Why These Countries Made the Watch List for US Trade Secret Theft in 2023
There is a wide variety in the types of things with which government institutions must concern themselves. Some are tasked with particular sectors, such as education, agriculture, or housing. The U.S. Trade Representative (USTR) is an entity that negotiates trade agreements and resolves disputes with foreign nations.
The USTR publishes the Special 301 Report as “the result of an annual review of the state of intellectual property (IP) protection and enforcement in U.S. trading partners.” This report includes a breakdown of a number of partner countries, exploring the concerns presented by various nations regarding the protection of IP and how those concerns may lead to problems arising in trade partnerships.
Risks and Consequences of IP Theft
The theft of intellectual property (IP) “is an illicit activity that manifests through the unauthorized use, reproduction, or distribution of intellectual property owned by others.” The definition of IP is broad and includes property such as patents, copyrights, and trade secrets. It can be harder to pin down IP theft than theft of physical property, but the crime is no less concerning or impactful.
One major concern regarding IP theft is that it can stifle innovation and technological advances: violating IP rights is a much quicker route to success than developing unique ideas. Individuals and organizations are also less likely to engage in creating their own IP if they do not have faith in its secure protection. Upholding IP rights incentivizes investment in new endeavors.
Because a large portion of jobs and revenue originate in IP-intensive industries, IP theft starts a ripple effect that can extend across many sectors of the economy and even further. IP theft, and in particular the theft of trade secrets, hinders not only the ability to use that piece of IP to generate revenue, but also any future endeavors built on that IP. The theft of sensitive government IP can have far-reaching impacts including threats to national security and infrastructure.
Countries on the Watch List
The 2023 Special 301 Report notes that the USTR’s review of Ukraine has been suspended as a result of Russia’s full-scale invasion of the smaller country. Ukraine was on the priority watch list in 2021, but further review in subsequent years has been deferred. The countries placed on the priority watch list in 2023 are:
- Argentina: Enforcement of IP rights is difficult, and the market for counterfeit and pirated goods and services presents difficulties for stakeholders. Counterfeit goods are being sold not only in physical markets, but through social media as well.
- Chile: Long-standing issues pertaining to some IP provisions of the United States-Chile Free Trade Agreement continue to pervade the relationship. Chile lacks protections against unlawful circumvention of technological protection measures (TPMs), including online piracy.
- China: While China has made some progress in recent years concerning patent law, copyright law, and criminal law, reforms targeting IP theft and enforcement of protections has slowed. Many of the concerns of the USTR regarding China are acute concerns about Chinese market dominance and strategic manipulation of IP law.
- India: In spite of an increased public awareness of the importance of IP and engagement on IP issues with the United States, India remains on the priority watch list. This is largely due to a failure to make meaningful progress in areas of concern raised in earlier reports, particularly patent law. India limits IP protections with the justification of promoting access to technologies.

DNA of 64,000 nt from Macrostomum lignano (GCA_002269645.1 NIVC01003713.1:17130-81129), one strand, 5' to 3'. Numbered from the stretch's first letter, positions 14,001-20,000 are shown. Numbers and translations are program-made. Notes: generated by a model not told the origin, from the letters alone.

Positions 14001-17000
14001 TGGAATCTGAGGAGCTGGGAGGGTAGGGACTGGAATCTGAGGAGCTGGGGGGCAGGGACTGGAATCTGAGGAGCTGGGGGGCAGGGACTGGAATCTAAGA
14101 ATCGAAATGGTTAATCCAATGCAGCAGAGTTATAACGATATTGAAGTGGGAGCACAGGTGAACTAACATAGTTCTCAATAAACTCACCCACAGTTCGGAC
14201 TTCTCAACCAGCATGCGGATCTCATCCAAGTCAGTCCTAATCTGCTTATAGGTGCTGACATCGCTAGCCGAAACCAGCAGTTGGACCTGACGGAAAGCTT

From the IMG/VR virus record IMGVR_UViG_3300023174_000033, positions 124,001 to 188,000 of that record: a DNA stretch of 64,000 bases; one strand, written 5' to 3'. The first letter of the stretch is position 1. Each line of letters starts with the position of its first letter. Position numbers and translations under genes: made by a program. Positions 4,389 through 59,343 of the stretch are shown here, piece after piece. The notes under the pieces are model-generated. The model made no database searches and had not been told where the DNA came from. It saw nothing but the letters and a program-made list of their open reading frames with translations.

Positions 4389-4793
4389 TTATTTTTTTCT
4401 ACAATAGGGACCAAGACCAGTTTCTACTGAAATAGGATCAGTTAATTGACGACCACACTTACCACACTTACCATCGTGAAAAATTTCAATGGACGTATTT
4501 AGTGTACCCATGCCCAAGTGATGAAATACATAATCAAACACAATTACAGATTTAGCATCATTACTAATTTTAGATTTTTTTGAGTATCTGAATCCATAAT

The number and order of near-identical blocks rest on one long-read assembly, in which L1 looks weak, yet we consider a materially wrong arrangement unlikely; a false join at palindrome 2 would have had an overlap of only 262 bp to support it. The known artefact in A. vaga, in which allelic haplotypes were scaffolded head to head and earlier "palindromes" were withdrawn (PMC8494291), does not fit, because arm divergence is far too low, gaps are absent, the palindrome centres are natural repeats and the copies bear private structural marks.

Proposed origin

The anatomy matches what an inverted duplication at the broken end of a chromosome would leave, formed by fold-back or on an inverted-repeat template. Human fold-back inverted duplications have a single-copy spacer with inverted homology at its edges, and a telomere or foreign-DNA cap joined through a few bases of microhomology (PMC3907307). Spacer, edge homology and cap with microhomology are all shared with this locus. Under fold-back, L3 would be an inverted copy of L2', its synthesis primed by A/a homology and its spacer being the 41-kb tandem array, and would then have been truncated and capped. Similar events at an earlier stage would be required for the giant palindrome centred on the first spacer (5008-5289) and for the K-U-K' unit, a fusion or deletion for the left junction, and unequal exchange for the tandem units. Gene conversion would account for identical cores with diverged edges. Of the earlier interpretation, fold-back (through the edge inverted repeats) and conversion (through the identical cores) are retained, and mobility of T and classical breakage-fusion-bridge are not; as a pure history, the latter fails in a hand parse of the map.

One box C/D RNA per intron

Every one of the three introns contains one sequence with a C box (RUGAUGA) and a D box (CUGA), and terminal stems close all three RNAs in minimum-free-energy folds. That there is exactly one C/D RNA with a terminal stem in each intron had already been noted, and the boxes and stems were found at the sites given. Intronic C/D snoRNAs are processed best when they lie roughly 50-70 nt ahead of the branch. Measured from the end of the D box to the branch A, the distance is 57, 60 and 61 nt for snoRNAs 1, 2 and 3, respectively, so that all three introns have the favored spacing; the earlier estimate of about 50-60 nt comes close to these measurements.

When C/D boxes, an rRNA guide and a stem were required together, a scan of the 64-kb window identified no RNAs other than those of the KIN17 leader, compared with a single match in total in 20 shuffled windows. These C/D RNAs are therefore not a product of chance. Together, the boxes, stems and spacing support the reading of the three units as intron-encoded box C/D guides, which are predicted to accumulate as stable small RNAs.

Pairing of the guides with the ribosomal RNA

- Indonesia: Challenges posed to U.S. right holders in Indonesia include ineffective IP protection and enforcement and concerns regarding fair and equitable market access. Piracy and counterfeiting pervade the market due to a lack of deterrent-level penalties and inadequate border enforcement.
- Russia: Even without other factors like the invasion of Ukraine muddying the waters and increasing tensions, the state of IP protection and enforcement in Russia is concerning. Stakeholders report that Russia suffers from inadequate IP enforcement and that authorities lack the staffing, expertise, and political will to quash IP violations and institute protections.
- Venezuela: Recent developments in Venezuela have led to greater challenges to effective IP protection and enforcement. One major deterrent to investment in innovation and IP protection is the reinstatement of a 1955 law that fails to meet international standards. There is a large market for pirated and counterfeit goods, and IP enforcement continues to fall short.
The non-priority watch list consists of 22 countries worldwide that present a less acute danger to IP in the United States, but still require some increased protections and enforcement. These nations include Brazil, Bulgaria, Canada, Egypt, Mexico, Pakistan, Thailand, Turkey, and Vietnam.
In a global economy, it is important for countries to meet certain standards of protection against IP theft and enforcement of IP law to maintain favorable political and economic relationships. The USTR’s Special 301 Report is an exploration of which nations pose a challenge to U.S. IP protection, the issues that they present, and how they might make changes to remedy the state of their IP law. Many countries suffer from a lack of adequate IP protections and enforcement, and harbor massive markets for pirated and counterfeit goods both online and in physical locations.